Chevrolet Traverse — Now with a new face

By Jim Meachen and Ted Biederman

Since it hit showrooms in the fall of 2008 as a 2009 model, the large Chevrolet Traverse crossover has sold more than 400,000 copies to families who desire the room of a minivan, but who want the panache of a sport utility vehicle.

While the Traverse was neither the sharpest looking big crossover on the road nor the most attractive inside what it did have was a large, useable cabin; a comfortable driving position; and performance from a large, relatively fuel-efficient V-6 engine.

For 2013, the Traverse becomes somewhat more appealing with an exterior styling makeover, a redesigned cabin with more upscale materials, a new MyLink infotainment system, and new safety features. At the same time, Chevrolet has left the rest of the vehicle unchanged, which is generally a good thing. The crossover's 116 cubic feet of cargo capacity and 69 cubic feet behind the second row seats is a big draw for large families and its maximum 5,200-pound towing capacity is better than all but a handful of SUVs.

Gone is the signature Chevrolet split grille, replaced by a more traditional design that will also grace the 2014 Chevy Impala. The rear has definitely been improved with a new attractive tailgate design angled lights that give the Traverse a trimmer appearance from the rear.

The interior has gained a new level of style with better soft-touch materials, first-class fit and finish, ambient lighting, relatively simple controls for audio and climate, a 6.5-inch LCD screen that imparts radio information and as an option the new MyLink interface. A backup camera has been added as standard equipment.

The Traverse retains the same 3.6-liter V-6 that it was originally endowed with making 281 horsepower and 266 pound-feet of torque. The top LTZ trim comes with twin exhaust outlets that increases horsepower to 288 and torque to 270 pound-feet.

Despite its rather corpulent 4,713 pounds in front-wheel drive and 4,956 pounds in all-wheel drive (the crossover's heavyweight stance was not addressed in the refresh), the engine, mated to a six-speed automatic transmission, seems up to the task of moving people and cargo in an expeditious manner. It has been measured in the mid 7-second range from 0-to-60. Chevrolet says it has made slight tweaks to the transmission calibration in an effort to improve response and gas mileage.

We never encountered a performance hiccup from the Traverse in our more-than 300 miles behind the wheel in various types of driving situations. Whether moving quickly from a stoplight or merging into rapidly moving interstate traffic, our Traverse LTZ edition with the extra horsepower was up to the task. Full disclosure: Our biggest load consisted of three adults and luggage.

While the adequate performance w
as about what we expected, we were pleasantly surprised as to how nimble the Traverse felt on our favorite stretch of back-road twists and turns — considering it's size and weight.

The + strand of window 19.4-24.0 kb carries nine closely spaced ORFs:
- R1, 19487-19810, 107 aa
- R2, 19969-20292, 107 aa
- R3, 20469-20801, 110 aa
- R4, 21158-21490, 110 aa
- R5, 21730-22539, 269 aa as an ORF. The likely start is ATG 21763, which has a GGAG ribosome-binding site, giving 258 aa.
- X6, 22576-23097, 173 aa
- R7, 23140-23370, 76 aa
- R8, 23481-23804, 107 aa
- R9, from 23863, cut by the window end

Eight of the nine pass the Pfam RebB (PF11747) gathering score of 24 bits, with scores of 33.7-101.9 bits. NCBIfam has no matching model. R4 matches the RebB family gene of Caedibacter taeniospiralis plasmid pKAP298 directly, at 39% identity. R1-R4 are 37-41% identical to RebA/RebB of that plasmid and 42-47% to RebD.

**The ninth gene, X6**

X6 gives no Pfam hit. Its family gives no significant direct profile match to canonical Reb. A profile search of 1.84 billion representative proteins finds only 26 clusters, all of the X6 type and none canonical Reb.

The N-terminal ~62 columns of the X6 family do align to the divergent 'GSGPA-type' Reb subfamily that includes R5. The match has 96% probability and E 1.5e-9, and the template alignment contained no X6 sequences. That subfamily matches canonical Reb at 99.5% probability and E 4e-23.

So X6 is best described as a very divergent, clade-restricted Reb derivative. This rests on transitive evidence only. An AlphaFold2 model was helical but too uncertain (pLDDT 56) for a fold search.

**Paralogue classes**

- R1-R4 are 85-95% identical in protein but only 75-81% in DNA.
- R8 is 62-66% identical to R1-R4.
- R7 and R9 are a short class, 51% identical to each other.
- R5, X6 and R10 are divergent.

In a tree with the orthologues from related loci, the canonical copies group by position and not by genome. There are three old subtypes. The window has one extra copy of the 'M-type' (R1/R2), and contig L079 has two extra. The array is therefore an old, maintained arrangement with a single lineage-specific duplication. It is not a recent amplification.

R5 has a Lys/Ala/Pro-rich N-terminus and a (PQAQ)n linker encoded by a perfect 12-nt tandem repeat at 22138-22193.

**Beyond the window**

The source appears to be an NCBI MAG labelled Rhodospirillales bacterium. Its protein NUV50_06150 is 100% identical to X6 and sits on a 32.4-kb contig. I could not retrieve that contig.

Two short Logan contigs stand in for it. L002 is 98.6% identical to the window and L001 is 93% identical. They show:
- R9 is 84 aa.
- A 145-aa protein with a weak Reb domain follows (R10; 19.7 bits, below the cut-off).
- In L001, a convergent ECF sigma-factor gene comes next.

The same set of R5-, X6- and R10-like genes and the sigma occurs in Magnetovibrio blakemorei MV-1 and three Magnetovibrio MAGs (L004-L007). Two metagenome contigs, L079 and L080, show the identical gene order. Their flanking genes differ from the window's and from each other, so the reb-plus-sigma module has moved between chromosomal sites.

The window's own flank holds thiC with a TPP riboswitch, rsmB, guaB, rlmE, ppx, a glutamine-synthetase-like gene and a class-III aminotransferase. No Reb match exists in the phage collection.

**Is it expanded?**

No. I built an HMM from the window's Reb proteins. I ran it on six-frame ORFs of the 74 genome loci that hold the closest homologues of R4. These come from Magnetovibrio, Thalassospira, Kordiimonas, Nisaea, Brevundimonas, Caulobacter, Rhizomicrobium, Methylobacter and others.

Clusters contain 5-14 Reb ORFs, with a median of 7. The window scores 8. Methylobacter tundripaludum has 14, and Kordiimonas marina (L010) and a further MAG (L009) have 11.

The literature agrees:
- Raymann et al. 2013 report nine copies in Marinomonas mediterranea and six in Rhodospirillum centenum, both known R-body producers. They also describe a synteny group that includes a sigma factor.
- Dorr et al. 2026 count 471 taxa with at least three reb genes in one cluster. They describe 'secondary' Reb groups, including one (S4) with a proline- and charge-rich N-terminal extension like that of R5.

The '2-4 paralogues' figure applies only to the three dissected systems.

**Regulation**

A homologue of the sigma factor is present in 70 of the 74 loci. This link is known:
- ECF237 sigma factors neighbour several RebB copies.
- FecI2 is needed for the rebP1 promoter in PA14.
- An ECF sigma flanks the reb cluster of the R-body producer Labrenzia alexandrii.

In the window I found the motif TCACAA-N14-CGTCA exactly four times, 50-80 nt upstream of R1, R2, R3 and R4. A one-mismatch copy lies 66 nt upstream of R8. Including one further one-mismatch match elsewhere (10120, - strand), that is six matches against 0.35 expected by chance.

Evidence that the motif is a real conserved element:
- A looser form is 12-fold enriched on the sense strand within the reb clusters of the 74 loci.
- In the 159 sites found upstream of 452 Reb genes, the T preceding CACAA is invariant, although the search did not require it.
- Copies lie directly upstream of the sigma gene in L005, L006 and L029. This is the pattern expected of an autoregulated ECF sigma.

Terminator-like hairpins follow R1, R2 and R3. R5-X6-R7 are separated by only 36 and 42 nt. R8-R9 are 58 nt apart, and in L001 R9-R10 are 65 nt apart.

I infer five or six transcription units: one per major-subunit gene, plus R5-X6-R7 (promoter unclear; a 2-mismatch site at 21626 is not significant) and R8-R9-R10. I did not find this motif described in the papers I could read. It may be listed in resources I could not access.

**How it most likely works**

The Traverse has two n
oteworthy additions for 2013. On the safety side, the Traverse gets a unique driver-seat side airbag. When a severe impact occurs, the air bag deploys in milliseconds from the inboard side of the driver’s seat and inflates between the driver and front passenger, providing added protection for both front occupants. It's optional on the base LS trim, but standard on the other trims.

The other is the aforementioned MyLink, which enables occupants to seamlessly integrate their smartphones for hands-free calling through the audio system and Bluetooth streaming of popular internet radio favorites Pandora and Stitcher. It includes large, easy-to-use controls and intuitive menus that help the driver chose the level of connectivity that works for him.

The big Chevy's flexible seating should appeal to any size family. Traverse’s second-row seat comes with a pair of captain’s chairs or a three-passenger bench giving the crossover eight-passenger capability. Each incorporates Traverse’s child-friendly, second-row SmartSlide feature that enables unobstructed access to the third-row bench seat with one hand.

The Traverse comes in four trim levels — LS, 1LT, 2LT and LTZ — starting at $31,333. All trim levels can be configured with all-wheel drive as a $2,000 option. The 1LT starts at $33,335, the 2LT at $37,405, and the LTZ at $41,250.

Standard features across the lineup include keyless entry, full power accessories, tilt-and-telescoping steering wheel, rear air conditioning, 6.5-inch touchscreen display, six-speaker satellite and HD radio, Bluetooth, and OnStar.

The Traverse comes with all the usual safety features including airbags, traction and stability control, antilock disc brakes and rearview camera. A blind spot and rear cross-traffic monitoring system is available on the LTZ trim level.

Our well-equipped LTZ test vehicle came equipped with rear entertainment, navigation and trailer-tow package options and priced out for $44,015.

Base price: $31,335; as driven, $44,015
Engine: 3.6-liter V-6
Horsepower: 288 @ 6,300 rpm
Torque: 270 foot-pounds @ 3,400 rpm
Drive: front wheel
Transmission: 6-speed automatic
Seating: 2/2/3
Wheelbase: 118.9 inches
Length: 203.7 inches
Curb weight: 4,713 pounds
Turning circle: 40.4 feet
Luggage capacity: 24.4 cubic feet
Cargo capacity: 116.3 cubic feet
Towing capacity: 5,200 pounds
Fuel capacity: 22 gallons (regular)
EPA rating: 24 highway, 17 city
0-60: 7.3 seconds (Car and Driver)
Also consider: Mazda CX-9. Ford Flex, Dodge Durango

The Good
• Seating for up to eight people
• Quiet cabin
• Styling updates give vehicle fresh look

The Bad
• Extremely pricey in top trim

The Ugly
• Heavyweight status affects performance, mileage